And, biblically speaking, what constitutes our best selves, and in what direction may we expect worship further to transform us? The general answer to this question – which is my contemporary paraphrase of Psalm 15:1 — is found in v. 2ab, followed by specific examples in vv. 2c-5b. We are to “walk blamelessly” and “do what is right.” The translation “walk blamelessly” is misleading, since it implies sinlessness; and this is not the point. A better translation would be “walk with integrity.” The Hebrew root involved means “to be complete” or “to be whole.” In Deuteronomy 18:13, the same adjectival form that occurs in Psalm 15:2 is translated “completely loyal,” and this may be the best translation. To approach God in worship invites our complete loyalty; and naturally, there are behavioral implications.
To “do what is right” or “do righteousness” is elsewhere the essence of God’s will, as both the Torah and the Prophets proclaim (see Deuteronomy 16:20, where NRSV’s repeated “justice” is the same word translated “right” in Psalm 15:2; Isaiah 1:21, 27; 58:2; Amos 5:7, 24). Complete loyalty to God and conformity to God’s will involve faithful and responsible speech (vv. 2c-3, 4c; see Psalms 5:9; 12:2-5, where the speech of the wicked is hurtful and destructive), as well as honest and compassionate action (v. 5ab). Not lending money at interest — a particular challenge in our consumer-capitalist system! — was a matter of compassion for the poor and dispossessed (see Exodus 22:25; Leviticus 25:36-37; Deuteronomy 23:19-20; Ezekiel 18:8, 13, 17; 22:12). Not taking a bribe was a matter of honesty, of course, but also of compassion for the needy (see (Exodus 23:8; Deuteronomy 10:17; 16:9; 1 Samuel 8:3; Isaiah 1:23; 5:23; 33:15; Micah 3:11).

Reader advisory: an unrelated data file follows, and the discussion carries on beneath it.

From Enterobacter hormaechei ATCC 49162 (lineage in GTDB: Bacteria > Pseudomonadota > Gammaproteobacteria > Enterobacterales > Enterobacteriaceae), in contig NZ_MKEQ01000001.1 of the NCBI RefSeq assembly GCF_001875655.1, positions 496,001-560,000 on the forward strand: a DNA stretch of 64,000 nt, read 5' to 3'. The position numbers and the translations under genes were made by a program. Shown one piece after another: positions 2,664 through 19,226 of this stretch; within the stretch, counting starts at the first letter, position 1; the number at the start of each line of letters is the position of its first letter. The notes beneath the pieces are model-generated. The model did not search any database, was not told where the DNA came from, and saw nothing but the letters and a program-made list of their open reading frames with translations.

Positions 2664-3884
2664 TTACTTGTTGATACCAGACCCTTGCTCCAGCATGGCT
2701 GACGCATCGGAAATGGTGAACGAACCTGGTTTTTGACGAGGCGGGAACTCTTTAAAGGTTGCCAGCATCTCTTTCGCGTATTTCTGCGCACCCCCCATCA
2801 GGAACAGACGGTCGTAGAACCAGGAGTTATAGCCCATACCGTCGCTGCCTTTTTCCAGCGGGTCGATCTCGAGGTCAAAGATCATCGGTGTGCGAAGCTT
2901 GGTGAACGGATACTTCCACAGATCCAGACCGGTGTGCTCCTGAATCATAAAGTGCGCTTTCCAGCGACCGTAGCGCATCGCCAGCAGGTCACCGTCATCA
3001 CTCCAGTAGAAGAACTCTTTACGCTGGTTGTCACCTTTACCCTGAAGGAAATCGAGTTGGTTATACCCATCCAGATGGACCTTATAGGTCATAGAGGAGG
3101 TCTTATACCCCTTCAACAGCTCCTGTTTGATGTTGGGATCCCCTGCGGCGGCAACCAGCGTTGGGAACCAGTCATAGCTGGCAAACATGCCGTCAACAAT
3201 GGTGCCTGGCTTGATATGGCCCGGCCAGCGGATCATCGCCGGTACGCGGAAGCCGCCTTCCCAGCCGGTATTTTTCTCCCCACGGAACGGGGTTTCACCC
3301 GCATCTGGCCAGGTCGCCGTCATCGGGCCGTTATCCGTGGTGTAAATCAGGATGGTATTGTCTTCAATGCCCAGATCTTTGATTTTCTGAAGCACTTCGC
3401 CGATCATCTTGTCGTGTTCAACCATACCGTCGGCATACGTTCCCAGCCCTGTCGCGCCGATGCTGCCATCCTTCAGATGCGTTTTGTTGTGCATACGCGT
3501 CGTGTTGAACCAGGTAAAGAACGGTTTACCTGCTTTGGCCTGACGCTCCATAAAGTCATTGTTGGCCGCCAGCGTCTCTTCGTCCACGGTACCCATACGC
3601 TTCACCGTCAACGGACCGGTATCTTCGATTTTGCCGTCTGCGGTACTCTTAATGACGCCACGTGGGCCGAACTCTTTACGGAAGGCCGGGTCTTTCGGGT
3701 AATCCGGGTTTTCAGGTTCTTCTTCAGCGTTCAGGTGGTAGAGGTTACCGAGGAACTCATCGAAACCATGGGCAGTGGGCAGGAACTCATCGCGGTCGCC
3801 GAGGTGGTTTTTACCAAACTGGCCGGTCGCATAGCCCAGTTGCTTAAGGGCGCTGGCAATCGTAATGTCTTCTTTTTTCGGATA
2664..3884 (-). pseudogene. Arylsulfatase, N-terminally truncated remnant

In short, Psalm 15 suggests that the appropriate and faithful posture for worship — both in terms of preparation and anticipation — is complete loyalty to God and commitment to act compassionately for the sake of others. This, of course, should sound familiar, since it is essentially the way Jesus summarized the message of the Law/Torah and the Prophets (Matthew 22:24-40) — that is, love God unreservedly (see Deuteronomy 6:4-5) and love neighbor as self (see Leviticus 19:18). It is fitting, therefore, that interpreters detect a kinship between Psalm 15 and the torah-psalms (Psalms 1, 19, 119); and in this regard, the arrangement of Book I of the Psalter reinforces this kinship. Psalms 15 and 24 form the boundaries of a chiastic structure, as follows:
A Psalm 15 entrance liturgy
B Psalm 16 trust
C Psalm 17 lament
D Psalm 18 royal
E Psalm 19 torah-psalm
D’ Psalms 20-21 royal
C’ Psalms 22 lament
B’ Psalm 23 trust
A Psalm 24 entrance liturgy
At the heart of this chiasm is Psalm 19, vv. 7-14 of which is a celebration of torah (see “law” in v. 7), God’s teaching; and Psalm 15 complements this celebration by offering key components of God’s teaching.
Then too, it is fitting that Bellinger and Brueggemann also detect in Psalm 15 “a strong prophetic tone.” As they conclude: “Perhaps ancient Israel’s prophets learned their faith with this kind of emphasis in worship and in that way such worship influenced their preaching, as seen in Micah 6:6-8 and Isaiah 1:12-17.”2
1 James L. Mays, Psalms (Interpretation: A Bible Commentary for Teaching and Preaching; Louisville: John Knox Press, 1994), 84.
2 William H. Bellinger, Jr. and Walter Brueggemann, Psalms (New Cambridge Bible Commentary; Cambridge: Cambridge University Press, 2014), 84.